According to the posted results, we came in 28th out of the 35 finishing riders. We were the only mens' 2-man team to enter, which makes the comparison rather unfair to the 26 riders that beat us without the use of a teammate, but it also means that we finished first in the mens' 2-man TT competition. From now on, whenever someone asks how that race went, I'll reply, "first place."

Christine Thorburn, who started just before us, finished six-and-a-half minutes faster in second place with a time of 22:55. The winning time was 22:22. As comical as it was to start behind an olympian, I now realize it's better than starting a minute in front and getting passed within the first mile.

July 1, 2006

First time trial, 2-man time trial

Al and I competed in our first two-man time trial today -- also our first time trial. It wasn't a race as much as a fundraiser called Beat the Clock & Help Beat Cancer, which raises funds for the Lance Armstrong Foundation.

There were many things that were amusing about our entry into the event. Al had four-five hours of sleep; I had one. My legs were shot from moving my stuff and cleaning all week. Neither of us had ever done a time trial before nor practiced a two-man TT. We only had 15 minutes to warmup because we were late getting to the course. Nevertheless, despite all of our inexperience and deficiencies, the start order somehow had Al and I starting immediately after National Champion and Olympian Christine Thorburn. Thorburn started only a minute ahead of us, so part of me hoped that we could keep her in sight for the earlier part of the course, but of course not. We didn't see her again until she passed us going back on the return route, easily many, many minutes ahead of us by that point.

We weren't terrible: we were only passed twice and managed to beat our goal of 30 minutes with a time of 29:22 (~20.5 mph). I got a bit fooled by a Team in Training event also being held on Cañada Road and sprinted for what turned out to be the wrong finish line -- my legs popped after that and I wasn't much use for the remainder. I think with a bit more sleep and experience we might actually be respectably bad.

My final observation is one I failed to properly understand during the race: when you are doing a out-and-back course and the first half of the course is downhill, that means the second half of the course is uphill.

June 16, 2006

Climbing tips

I made it Old La Honda for the second time on Wednesday. To put it in perspective, I think most of the riders I meet on the road seem to have done the cilmb two times this week, but I digress. This time I had Dan Smith of Sportvelo briefly by my side to offer some tips. As I watched Dan and Al climb further and further away, I tried to remember this advice:

  • tense the abs (just a bit, not too tight). It will help out your back.
  • squeeze your butt cheeks. It will make sure you get some of your other leg muscles involved.

He also recommended doing the climb in intervals of sittings/standing: 1:30 sitting followed by 0:30 standing. When you stand, shift one gear up into a harder gear and back down again when you sit. With the way Old La Honda is sloped, you won't be able to follow it perfectly, but it will make the climb go by faster mentally and it will make sure that you are using different muscle groups along the way.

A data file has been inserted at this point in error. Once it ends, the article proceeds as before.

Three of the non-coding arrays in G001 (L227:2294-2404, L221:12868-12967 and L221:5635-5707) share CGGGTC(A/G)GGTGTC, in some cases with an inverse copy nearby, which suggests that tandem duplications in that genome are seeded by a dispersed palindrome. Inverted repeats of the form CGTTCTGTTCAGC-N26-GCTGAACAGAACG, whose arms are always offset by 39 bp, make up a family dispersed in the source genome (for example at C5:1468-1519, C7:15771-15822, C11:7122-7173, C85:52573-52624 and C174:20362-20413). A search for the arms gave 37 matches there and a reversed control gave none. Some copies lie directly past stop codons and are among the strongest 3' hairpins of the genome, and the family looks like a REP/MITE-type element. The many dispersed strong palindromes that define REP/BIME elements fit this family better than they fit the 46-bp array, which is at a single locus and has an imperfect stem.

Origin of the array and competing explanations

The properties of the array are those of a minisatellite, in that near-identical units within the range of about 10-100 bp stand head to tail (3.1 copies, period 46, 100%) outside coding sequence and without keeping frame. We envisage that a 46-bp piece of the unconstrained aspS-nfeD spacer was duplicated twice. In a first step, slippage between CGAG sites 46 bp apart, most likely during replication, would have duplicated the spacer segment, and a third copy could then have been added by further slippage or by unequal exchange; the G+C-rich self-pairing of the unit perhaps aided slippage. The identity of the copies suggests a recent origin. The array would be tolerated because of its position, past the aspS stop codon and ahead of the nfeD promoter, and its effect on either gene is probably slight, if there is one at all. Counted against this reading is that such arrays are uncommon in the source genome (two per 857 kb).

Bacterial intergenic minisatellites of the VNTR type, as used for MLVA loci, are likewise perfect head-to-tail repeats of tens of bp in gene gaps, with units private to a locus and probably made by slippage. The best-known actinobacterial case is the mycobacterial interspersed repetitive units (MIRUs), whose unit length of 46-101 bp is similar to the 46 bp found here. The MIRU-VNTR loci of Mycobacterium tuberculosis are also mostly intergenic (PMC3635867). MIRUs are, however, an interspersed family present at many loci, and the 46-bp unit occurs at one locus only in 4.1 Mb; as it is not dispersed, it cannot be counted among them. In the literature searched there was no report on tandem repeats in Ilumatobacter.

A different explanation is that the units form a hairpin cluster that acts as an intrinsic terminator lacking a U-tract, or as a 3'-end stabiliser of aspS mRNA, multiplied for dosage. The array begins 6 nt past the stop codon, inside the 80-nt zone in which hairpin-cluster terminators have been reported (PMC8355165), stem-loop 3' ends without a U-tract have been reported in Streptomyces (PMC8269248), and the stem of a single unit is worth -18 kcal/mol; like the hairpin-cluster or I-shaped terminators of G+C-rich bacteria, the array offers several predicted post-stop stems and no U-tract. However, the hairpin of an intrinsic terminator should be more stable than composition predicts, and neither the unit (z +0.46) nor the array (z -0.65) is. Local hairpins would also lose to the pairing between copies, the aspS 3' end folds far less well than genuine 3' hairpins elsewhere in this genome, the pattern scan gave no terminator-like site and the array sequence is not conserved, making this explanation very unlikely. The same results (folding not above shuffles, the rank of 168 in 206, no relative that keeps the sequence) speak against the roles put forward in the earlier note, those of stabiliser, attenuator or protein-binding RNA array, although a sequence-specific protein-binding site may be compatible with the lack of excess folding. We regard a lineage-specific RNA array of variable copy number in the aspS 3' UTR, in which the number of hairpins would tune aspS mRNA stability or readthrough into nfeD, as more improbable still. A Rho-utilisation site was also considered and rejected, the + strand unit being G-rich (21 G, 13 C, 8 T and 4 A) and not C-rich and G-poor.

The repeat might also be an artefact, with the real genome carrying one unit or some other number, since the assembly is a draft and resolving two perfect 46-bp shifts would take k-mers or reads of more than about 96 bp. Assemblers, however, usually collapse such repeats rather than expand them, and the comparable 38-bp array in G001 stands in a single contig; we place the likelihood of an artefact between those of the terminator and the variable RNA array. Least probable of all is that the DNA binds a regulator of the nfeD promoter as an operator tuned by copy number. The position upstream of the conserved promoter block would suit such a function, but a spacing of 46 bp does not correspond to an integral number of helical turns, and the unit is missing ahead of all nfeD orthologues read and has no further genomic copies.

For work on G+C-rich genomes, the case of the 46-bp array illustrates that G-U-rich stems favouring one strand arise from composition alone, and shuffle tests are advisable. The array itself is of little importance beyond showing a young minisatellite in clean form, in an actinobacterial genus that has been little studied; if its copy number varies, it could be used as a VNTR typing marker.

I believe Dan's best time from bottom to top is around 16 minutes. I'm still at 27:30, with a brief break in the middle.

June 7, 2006

Climbin' and shootin'

I'm going to try and do a two-man time trial in July but I've been pretty out-of-shape with my recent two-and-a-half-week trip to Japan. I've decided to punish myself by doing all the climbs that previously I've been too lazy or wimpy to do in the past. In the past week or so I've managed to add Woodside-Skyline, Old La Holda, Alpine, and Altamont to my list of now-conquered climbs. The nice thing about most of these climbs is that I can descend right down into Menlo Park where I work. One of these days I'm going to finally all of Page Mill to my list. One of these days.

I've also got a new camera that I'm hoping will make the cycling photography easier. It's a Canon 30D, which is a pretty good upgrade from my old Rebel 300D. It can take shots much more rapidly than the Rebel and has a much better focusing system, so I'm looking forward to testing it out at the Pescadero Road Race and Burlingame Criterium coming up at the end of this month.

April 10, 2006

My contest submissions

As I slowly still work my way through my Sea Otter Classic photos, I've managed to choose two to submit to the VeloNews Sea Otter Photo Contest:

Levi descends Matty Rice

Levi is, of course, Levi, and Matty Rice showed he was the Most Tasmanian by winning the race.

This photo of Leipheimer and Menzies nearly made the pick, but I had to drop it due to focus issues:

Menzies and Leipheimer through The Corkscrew

Having to choose two and only two photos from the Sea Otter Classic is a bit unfair. With such a variety of events going on, do you submit two road race photos, two mountain bike photos, one of each? Do you choose the gimmick shot, the crash shot, or the pro MTB rider?

I ended up choosing two photos from the pro men's road race because I figured it was my strength and there were far more cameras out on the MTB dual slalom course shooting shots of people crashing into the mud. I don't think I stand a chance of winning, but I am happy nevertheless and Sea Otter was a great time even if I have a tan line across my forehead now. I may have to leave my camera behind for a day next year just so I can fully participate in all the fun.